Our fridge has twice failed similarly to the OP's, i.e. "Lately I've noticed [food isn't] as cold anymore (even though I turned up dial to make it colder)." First I checked all the usual things that others have suggested above. But that didn't fix anything. The fridge still didn't cool.

I called the service department of the locally-owned appliance store where we'd bought the fridge. A technician arrived quickly enough ($100 as he entered the door.) It took him half an hour to recheck all the stuff I'd checked then run diagnostics to determine that the temperature control board was dead. The board is proprietary so naturally he didn't have a spare on his truck. He had to go back to the shop and then return here (another $100 as he entered the door) to install it. A half hour's labour that was included in each $100 service call fee paid for his time. But then there was the $200 charge for the 5¢ board. So in total ~$400 plus tax--plus the value of spoiled food we had to replace.

Now this happened once just after the original 1-year warranty expired. Then it happened a second time a couple of years later. At that point the fridge was still too new to write off. But we'd already spent more than half the price of a new fridge to keep this one going. Touch wood the third temperature control board is more reliable. There won't be a fourth.

P.S. I don't begrudge the $100 charge for a service call. After all the technician has to drive to our home and drive back. That can take anything from a few minutes to an hour, depending on traffic (and a lot longer in cities like Toronto.) And that's each way. Likewise I can't expect their truck to stock every conceivable part. So nowadays even a relatively simple repair can cost half the price of a new appliance.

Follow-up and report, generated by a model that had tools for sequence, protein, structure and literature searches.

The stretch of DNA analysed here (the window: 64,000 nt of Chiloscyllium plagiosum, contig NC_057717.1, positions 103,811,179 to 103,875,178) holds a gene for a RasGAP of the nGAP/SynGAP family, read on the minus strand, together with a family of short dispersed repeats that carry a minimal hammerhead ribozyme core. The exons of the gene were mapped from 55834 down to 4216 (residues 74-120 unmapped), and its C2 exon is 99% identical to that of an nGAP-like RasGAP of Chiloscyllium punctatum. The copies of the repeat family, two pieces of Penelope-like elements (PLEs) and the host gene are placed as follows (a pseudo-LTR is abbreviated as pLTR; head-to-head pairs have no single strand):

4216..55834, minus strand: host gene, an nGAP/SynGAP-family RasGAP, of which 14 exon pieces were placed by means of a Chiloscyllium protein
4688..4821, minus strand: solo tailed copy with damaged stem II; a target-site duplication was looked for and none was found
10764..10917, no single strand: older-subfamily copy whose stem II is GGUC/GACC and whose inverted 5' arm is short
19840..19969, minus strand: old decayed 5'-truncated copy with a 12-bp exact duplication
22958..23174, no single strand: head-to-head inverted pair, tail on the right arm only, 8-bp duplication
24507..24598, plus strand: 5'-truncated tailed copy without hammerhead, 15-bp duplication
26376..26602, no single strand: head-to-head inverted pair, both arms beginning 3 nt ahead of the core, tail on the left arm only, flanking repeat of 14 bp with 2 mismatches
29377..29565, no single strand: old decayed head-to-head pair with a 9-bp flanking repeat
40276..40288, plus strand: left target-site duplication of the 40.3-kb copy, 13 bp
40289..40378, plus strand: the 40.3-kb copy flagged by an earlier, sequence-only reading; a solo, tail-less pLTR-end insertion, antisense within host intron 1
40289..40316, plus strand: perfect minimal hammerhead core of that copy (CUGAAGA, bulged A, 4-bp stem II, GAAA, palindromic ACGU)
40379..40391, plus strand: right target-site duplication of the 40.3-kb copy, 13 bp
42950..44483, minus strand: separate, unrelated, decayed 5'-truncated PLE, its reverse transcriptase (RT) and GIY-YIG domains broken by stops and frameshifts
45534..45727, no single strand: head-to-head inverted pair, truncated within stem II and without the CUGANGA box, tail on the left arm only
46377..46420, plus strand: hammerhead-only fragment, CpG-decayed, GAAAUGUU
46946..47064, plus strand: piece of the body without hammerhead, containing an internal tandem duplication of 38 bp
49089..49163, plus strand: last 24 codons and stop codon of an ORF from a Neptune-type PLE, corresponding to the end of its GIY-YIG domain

Depending on the fridges that you have... a generic statement that fridges over 5 years old aren't worth repairing is painting all fridges with the same brush. I have two fridges in my home that are well over 20 years old and I do all of the maintenance on them - from replacing the defrost timer (which die every few years) to replacing the blower motor as well as the white magnetic door seal. The only time I got a tech in was for a compressor (which was replaced over 15 years go on one and hasn't been replaced on the other).

Sorry to hear about your $400 charge for your repair but I'll bet you that you can get the same board online for half that amount and you can probably install it yourself.
Deal Expert
Jan 7, 2002
26840 posts
24316 upvotes
Waterloo, ON
craftsman wrote: a generic statement that fridges over 5 years old aren't worth repairing is painting all fridges with the same brush
Agreed. But that's not what I said. I said, "A fridge that's more than 5 years old is probably not worth repairing" and "Generally unless it's a simple problem to fix, you're better off to get a new fridge." Those qualifiers were intended to address your valid concerns.